Sturgeon ignored scientific advice on ‘impossible’ Covid elimination plan, inquiry told

Nicola Sturgeon
Nicola Sturgeon during the pandemic, when she was Scotland's first minister - RUSSELL CHEYNE/AFP

Nicola Sturgeon was repeatedly warned that her coronavirus “elimination” strategy was unachievable, the Covid Inquiry has heard.

Sir Gregor Smith, Scotland’s Chief Medical Officer, said he had made it clear to Ms Sturgeon that he did not believe achieving “zero Covid” was scientifically possible.

Ms Sturgeon, Scotland’s first minister during the pandemic, repeatedly claimed she was committed to achieving virus “elimination” during the first year, driving case numbers as close to zero as possible. However, Sir Gregor said he had told her that elimination was impossible, even if the UK Government had backed the approach.

“Certainly from a scientific perspective, looking at epidemiology, I didn’t think that elimination of the virus was a feasible option,” Sir Gregor said. “If we touch upon the environmental circumstances that would have been necessary to achieve zero Covid I really do think that it would have been almost impossible for Scotland to be able to achieve that as a country by itself.

“Even on a UK level, I think that that would have been a very difficult thing to try to achieve,” he added.

As late as March 2021, a year after the first Covid lockdown, Ms Sturgeon claimed elimination was the “only sensible strategy”. She urged British ministers to adopt her goal and warned that their plan to suppress the virus to manageable levels, which she would later adopt, was a risk to public health.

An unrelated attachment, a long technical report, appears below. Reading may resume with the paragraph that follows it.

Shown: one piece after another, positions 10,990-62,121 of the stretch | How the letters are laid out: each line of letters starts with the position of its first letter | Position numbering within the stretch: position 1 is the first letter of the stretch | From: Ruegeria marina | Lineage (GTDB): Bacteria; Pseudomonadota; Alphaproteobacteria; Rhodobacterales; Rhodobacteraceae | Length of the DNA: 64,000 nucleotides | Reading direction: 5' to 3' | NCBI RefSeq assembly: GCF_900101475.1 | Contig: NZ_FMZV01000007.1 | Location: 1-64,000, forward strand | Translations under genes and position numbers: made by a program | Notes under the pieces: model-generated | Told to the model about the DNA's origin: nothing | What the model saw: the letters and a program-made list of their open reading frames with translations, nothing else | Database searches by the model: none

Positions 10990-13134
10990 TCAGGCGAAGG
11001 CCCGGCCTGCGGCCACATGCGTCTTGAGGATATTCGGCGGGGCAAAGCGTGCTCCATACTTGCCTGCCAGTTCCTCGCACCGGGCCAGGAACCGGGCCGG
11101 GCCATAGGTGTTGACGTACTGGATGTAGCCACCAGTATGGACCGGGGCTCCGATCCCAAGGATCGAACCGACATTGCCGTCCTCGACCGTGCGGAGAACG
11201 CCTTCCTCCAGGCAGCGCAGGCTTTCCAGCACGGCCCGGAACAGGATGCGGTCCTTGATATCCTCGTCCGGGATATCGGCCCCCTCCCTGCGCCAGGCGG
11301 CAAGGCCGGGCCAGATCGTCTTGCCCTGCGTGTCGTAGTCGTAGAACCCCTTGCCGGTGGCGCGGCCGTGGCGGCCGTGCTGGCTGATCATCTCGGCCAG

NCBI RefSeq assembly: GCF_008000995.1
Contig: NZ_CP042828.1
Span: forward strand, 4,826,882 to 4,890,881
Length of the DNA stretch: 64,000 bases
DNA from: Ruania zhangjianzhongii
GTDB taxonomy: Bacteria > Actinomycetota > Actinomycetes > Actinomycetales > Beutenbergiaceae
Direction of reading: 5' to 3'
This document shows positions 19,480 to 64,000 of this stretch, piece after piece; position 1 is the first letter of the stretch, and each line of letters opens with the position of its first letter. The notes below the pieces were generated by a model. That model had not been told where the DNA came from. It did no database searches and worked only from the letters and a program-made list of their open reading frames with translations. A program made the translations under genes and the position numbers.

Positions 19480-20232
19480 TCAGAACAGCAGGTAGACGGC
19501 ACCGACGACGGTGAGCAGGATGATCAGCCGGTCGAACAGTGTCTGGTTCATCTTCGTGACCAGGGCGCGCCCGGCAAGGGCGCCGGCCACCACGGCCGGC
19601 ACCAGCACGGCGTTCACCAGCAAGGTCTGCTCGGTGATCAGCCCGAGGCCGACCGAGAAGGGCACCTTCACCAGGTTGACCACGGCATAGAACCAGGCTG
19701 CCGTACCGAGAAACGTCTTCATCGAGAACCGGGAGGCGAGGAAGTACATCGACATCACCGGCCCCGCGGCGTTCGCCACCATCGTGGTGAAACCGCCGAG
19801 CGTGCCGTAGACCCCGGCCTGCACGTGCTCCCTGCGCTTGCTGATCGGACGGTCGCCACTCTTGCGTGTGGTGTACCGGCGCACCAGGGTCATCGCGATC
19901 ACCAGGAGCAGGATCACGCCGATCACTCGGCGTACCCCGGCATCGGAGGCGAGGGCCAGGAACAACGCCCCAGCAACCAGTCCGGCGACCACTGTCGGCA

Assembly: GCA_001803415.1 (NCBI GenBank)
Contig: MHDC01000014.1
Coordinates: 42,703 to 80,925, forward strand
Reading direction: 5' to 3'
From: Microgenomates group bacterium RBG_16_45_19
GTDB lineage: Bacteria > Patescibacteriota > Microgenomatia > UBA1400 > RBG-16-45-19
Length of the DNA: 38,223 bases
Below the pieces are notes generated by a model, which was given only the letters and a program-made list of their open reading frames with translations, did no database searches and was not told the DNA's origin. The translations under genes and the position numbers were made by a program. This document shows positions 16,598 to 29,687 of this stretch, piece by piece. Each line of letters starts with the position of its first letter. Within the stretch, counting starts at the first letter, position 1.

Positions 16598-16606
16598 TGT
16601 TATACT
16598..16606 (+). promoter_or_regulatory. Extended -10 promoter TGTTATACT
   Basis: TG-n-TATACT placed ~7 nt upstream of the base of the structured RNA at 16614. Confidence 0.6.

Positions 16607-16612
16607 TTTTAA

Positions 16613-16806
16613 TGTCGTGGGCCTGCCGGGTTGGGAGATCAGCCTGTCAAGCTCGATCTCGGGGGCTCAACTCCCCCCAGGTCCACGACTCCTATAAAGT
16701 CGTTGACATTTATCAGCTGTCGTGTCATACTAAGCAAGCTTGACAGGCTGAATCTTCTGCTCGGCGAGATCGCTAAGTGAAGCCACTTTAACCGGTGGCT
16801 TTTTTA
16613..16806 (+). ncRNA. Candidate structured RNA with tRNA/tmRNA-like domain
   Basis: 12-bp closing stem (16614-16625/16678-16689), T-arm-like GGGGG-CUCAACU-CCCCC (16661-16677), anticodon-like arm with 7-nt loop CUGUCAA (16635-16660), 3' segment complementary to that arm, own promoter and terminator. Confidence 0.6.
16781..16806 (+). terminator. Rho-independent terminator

Sir Gregor Smith
Sir Gregor Smith, Scotland's Chief Medical Officer, said Covid elimination strategy was never likely to work - POOL/GETTY IMAGES EUROPE

Asked whether he had made his view on the subject clear to Ms Sturgeon and other ministers at the time, Sir Gregor said his position was expressed “regularly” and was well known within the Scottish Government.

He claimed that elimination had not actually been a formal goal and that the policy had been to keep cases as low as possible.

At one point, Ms Sturgeon claimed Covid had been “almost eliminated” in Scotland in the summer of 2020. She said it had returned because the virus was “reseeded” in Scotland from other parts of the UK.

She maintained her elimination strategy until May 2021, when she claimed the success of the vaccination programme meant it was no longer necessary.

In March 2021, she said that elimination was the “only sensible strategy” as the virus “won’t play ball” with attempts to keep case numbers at a “medium level”.

At the time, sources within the UK Government believed Ms Sturgeon was focusing on elimination in a bid to stoke divisions. Her claim that the virus had been “reseeded” from other parts of Britain, therefore ruining her plan, caused particular anger.

Experts later said that Scotland had not been close to eliminating Covid in the summer of 2020.

Devi Sridhar, a University of Edinburgh academic and one of the most vocal supporters of Ms Sturgeon’s elimination plan, is due to give evidence on Tuesday. Ms Sturgeon is due to give evidence next week.

Jamie Dawson KC, counsel to the inquiry, has said evidence sessions in Edinburgh will be used to examine “the extent to which [the Scottish Government] did or could have achieved an elimination goal”.

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